The Canadian Private Copying Collective
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April 28, 2011 – Four out of Five Federal Parties Support Fair Compensation to Music Rights Holders

(Toronto) – The Canadian Private Copying Collective (CPCC) today released the results of a survey sent to all five major federal political parties, asking each party for their views on issues related to Canada’s private copying regime. These results will be provided to music rights holders, to help them in their decision-making process when they vote on May 2nd.

The CPCC received responses from four of the five political parties, with only the Conservative Party failing to participate. The responses submitted by each party can be found below.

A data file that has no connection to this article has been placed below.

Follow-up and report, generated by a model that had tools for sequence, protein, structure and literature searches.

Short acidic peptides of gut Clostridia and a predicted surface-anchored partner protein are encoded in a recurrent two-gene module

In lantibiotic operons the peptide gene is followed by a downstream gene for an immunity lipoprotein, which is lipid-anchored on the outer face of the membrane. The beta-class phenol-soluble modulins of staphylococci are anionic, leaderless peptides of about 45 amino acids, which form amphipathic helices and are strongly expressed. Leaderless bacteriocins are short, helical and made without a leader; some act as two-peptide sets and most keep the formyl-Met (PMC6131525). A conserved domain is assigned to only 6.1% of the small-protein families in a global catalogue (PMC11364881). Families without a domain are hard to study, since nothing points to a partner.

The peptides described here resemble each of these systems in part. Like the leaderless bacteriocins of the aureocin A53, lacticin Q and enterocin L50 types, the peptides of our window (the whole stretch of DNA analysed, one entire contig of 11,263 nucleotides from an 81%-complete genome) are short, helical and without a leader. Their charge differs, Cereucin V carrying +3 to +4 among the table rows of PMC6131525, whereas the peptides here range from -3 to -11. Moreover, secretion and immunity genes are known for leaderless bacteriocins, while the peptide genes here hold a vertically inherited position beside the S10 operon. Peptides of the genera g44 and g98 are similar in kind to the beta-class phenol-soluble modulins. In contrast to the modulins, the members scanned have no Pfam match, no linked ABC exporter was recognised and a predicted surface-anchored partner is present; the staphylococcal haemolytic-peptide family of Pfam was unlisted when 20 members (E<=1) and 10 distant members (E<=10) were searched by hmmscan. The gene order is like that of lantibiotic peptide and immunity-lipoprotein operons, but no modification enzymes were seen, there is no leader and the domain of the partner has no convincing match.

“The Canadian Private Copying Collective believes that music rights holders deserve fair compensation for private copies made of the music that they create, and that the best way to achieve this is through the preservation and extension of the private copying levy,” said the CPCC Chair Annie Morin. “I am pleased to note that the New Democratic Party, the Bloc Quebecois, the Green Party and the Liberal Party have all expressed support for fair compensation to music rights holders. The commitment of the NDP, Bloc and Green Party to extend the private copying levy to MP3 players like the iPod, as well as the proposal by the Liberal Party to create a Private Copying Compensation Fund, are especially welcomed by the CPCC.”